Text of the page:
November 10, 2017 at 4:19 pm #140278
There is much talk of cybercrime and knocking out criminals gangs using special policing methods over the internet. Surely this is the stuff for specialists in HQ not general Officers who should be out and about. The whole community, not just older people appreciate seeing Police on the ground and surely a visible enforcement presence is a potent deterrent for those with a criminal history and those who are teetering on the brink of committing a crime of some kind.
Crime, including drugs crime is run not just by supply, but via the laws of supply and demand. I realise that demand is not necessarily knocked out by arrests and cautions, however this does make people consider their actions more seriously and jail time does give people further opportunities to consider the serious consequences of their offences to their lives and the lives of others and make a U-turn.
Does NWP really think that a softer approach to drugs crime is really going to help communities marred by it and for that matter those struggling with addiction. After all, addiction to a drug comes from an initial wrong choice to take a substance that is addictive. If the consequences of making a wrong choice are minimal then the probability of having a go is increased.
Taking this in two parts as to us we think its worth splitting, so asking on the cybercrime then drugs.
PW: The face of crime has changed. We have had to go with it. We have had to skill up.
SO: Local officers will always provide the first service. If there is a need to pass to specialist officers based on cybercrime or the police online investigation team, we will, they are a force wide resource.
PW: I dont think we are taking a softer approach.
SO: HMP Berwyn has a rehabilitation approach to offenders, and are doing ground breaking work to try and realign the men within the establishment.
(Wrexham.com'er - email us on firstname.lastname@example.org)November 10, 2017 at 4:27 pm #140283
And finally –
Things are worse than the good old days. Compared to when you started out, is there more crime, more being acted upon, more awareness of whats going on with mobile phones and social media, or are things bad?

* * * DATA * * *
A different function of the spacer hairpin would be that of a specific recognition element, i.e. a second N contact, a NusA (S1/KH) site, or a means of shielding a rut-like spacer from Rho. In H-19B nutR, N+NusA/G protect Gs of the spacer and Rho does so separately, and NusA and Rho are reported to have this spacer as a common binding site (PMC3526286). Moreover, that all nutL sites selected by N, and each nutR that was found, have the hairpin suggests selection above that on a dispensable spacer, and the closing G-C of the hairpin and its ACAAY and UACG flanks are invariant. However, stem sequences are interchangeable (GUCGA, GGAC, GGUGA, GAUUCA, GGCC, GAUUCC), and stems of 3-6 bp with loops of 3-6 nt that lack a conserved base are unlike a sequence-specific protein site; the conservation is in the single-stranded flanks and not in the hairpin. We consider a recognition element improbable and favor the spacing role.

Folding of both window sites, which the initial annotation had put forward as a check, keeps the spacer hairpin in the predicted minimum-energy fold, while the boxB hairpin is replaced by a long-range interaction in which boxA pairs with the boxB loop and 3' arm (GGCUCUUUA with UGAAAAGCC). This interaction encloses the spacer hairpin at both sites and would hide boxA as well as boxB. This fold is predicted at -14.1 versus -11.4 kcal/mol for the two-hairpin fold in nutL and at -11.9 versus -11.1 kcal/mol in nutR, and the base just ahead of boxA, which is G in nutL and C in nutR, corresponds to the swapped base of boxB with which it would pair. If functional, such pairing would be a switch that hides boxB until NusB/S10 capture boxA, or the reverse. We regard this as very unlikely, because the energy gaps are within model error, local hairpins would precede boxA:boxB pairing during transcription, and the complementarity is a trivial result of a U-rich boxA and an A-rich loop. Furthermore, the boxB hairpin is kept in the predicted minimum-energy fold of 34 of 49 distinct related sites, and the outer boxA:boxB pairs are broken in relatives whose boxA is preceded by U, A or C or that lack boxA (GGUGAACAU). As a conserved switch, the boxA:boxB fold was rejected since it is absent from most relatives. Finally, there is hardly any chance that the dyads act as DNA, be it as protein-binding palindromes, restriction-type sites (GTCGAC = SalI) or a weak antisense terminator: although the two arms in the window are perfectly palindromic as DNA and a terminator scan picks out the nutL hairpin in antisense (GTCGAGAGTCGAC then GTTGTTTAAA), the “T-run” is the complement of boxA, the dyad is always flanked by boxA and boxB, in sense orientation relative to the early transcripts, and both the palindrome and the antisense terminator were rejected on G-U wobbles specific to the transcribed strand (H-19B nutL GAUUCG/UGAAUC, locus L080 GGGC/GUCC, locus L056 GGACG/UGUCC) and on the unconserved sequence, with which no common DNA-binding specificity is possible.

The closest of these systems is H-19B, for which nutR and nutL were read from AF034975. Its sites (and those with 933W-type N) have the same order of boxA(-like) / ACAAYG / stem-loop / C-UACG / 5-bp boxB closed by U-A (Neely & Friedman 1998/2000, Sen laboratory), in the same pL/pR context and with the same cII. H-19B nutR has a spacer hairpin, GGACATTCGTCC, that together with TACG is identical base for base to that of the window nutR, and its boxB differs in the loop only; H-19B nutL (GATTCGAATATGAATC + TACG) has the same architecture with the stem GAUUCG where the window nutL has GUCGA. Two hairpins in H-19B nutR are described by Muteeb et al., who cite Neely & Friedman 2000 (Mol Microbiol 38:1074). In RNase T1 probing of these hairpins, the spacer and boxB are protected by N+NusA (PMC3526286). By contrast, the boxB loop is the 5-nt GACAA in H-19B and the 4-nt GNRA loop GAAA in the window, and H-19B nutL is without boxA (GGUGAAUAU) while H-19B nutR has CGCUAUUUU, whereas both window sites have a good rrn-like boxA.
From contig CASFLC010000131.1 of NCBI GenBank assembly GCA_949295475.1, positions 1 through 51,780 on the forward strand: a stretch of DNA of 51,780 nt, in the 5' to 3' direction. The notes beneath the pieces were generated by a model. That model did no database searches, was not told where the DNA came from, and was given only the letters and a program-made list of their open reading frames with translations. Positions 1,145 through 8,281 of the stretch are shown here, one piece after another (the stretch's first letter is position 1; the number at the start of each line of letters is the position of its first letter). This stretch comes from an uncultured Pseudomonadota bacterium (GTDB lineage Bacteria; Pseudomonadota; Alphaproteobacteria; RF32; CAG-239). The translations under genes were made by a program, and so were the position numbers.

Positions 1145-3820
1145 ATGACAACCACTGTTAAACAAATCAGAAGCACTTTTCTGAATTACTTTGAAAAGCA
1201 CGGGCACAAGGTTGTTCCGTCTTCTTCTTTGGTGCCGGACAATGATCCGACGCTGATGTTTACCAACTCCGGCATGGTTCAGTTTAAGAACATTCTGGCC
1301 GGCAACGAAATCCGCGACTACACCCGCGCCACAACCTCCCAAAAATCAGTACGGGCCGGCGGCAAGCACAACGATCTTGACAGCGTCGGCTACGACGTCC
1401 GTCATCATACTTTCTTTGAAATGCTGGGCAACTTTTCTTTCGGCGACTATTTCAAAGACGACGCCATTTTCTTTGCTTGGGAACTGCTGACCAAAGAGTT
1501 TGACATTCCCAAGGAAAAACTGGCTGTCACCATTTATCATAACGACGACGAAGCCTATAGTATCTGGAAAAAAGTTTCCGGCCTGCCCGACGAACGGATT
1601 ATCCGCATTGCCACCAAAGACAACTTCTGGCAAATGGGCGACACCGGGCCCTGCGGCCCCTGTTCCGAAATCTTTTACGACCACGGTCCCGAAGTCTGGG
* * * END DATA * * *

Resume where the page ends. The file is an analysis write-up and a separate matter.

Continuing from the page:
PW: The face of crime has changed. Social media has changed expectations, I cannot imagine our predecessors doing this (webchat). The public expect to know what is going on immediately via social media, often we can not tell them imediately as to do so may prejudice our enquiries. That then creates a social media storm that the ‘cops are doing nothing’ and I find that very frustrating.
No one could have foreseen for example cybercrime exploding the way it has, we have seen the emergence of organised cyber crime groups, because it is so easy to contact people electronically.
Traditional crime, burglaries, thefts and criminal damages do go up and down every year but over time it is flatlining. The increase is in cyber and drug related crime.
Safeguarding has altered the face of policing. The way we deal now with domestic disputes, is to arrest the offender, but also to ensure the victim is safeguarded in the future. We did not used to get involved in that, but now quite rightly we do.
PO: People may think that Modern Slavery is not an issue in North Wales. It is such an issue that the PCC office has employed someone to manage that single issue. We have dedicated staff inside North Wales Police to help deal with the demands of Modern Slavery. That would never even have come on our radar a few years ago.
The overall aim of all these separate initiatives is to reduce harm.
(Wrexham.com'er - email us on email@example.com)November 10, 2017 at 4:29 pm #140284
Twenty seven minutes over time… so had to wrap it up there!
Thanks to Inspectors Steven Owens (Rural) and Inspector Paul Wycherley!
(Wrexham.com'er - email us on firstname.lastname@example.org)November 10, 2017 at 9:10 pm #140306
Thanks to Wrexham.com for hosting this web chat and to Paul and Steve for answering all the questions and not shirking the difficult ones!November 11, 2017 at 10:04 am #140309
Really helpful Q and A session hosted by Wrexham.com. Thank you to our dedicated NWP who took time to answer a wide variety of questions. Well done Wrexham.com. Looking forward to the next one once all the Difficult Decisions are out of the way!
Lady KNovember 11, 2017 at 10:21 pm #140325
Why are people being allowed to openly drink alcohol and take drugs in Wrexham Town Centre despite there being a PSPO in force? Why is this not being effectively enforced by yourselves?
PW: The PSPO is owned by the council. We play an active part in supporting the council as crime and disorder partner. Drug dealing is obviously something that is a p0lice matter to resolve and I appreciate at times it looks like we have not done anything as there are alot of people from a challenging background in the town centre. The penalty for breaching the PSPO is a monetary fine so on occasion it is a pointless exercise to arrest them for breach, because that cohort do not have money, so we escort them to third sector service providers to provide assistance to them. We have issued over 100 PSPO tickets since it came into being, so it is not that we do not do any, it is one of a range of methods available to us.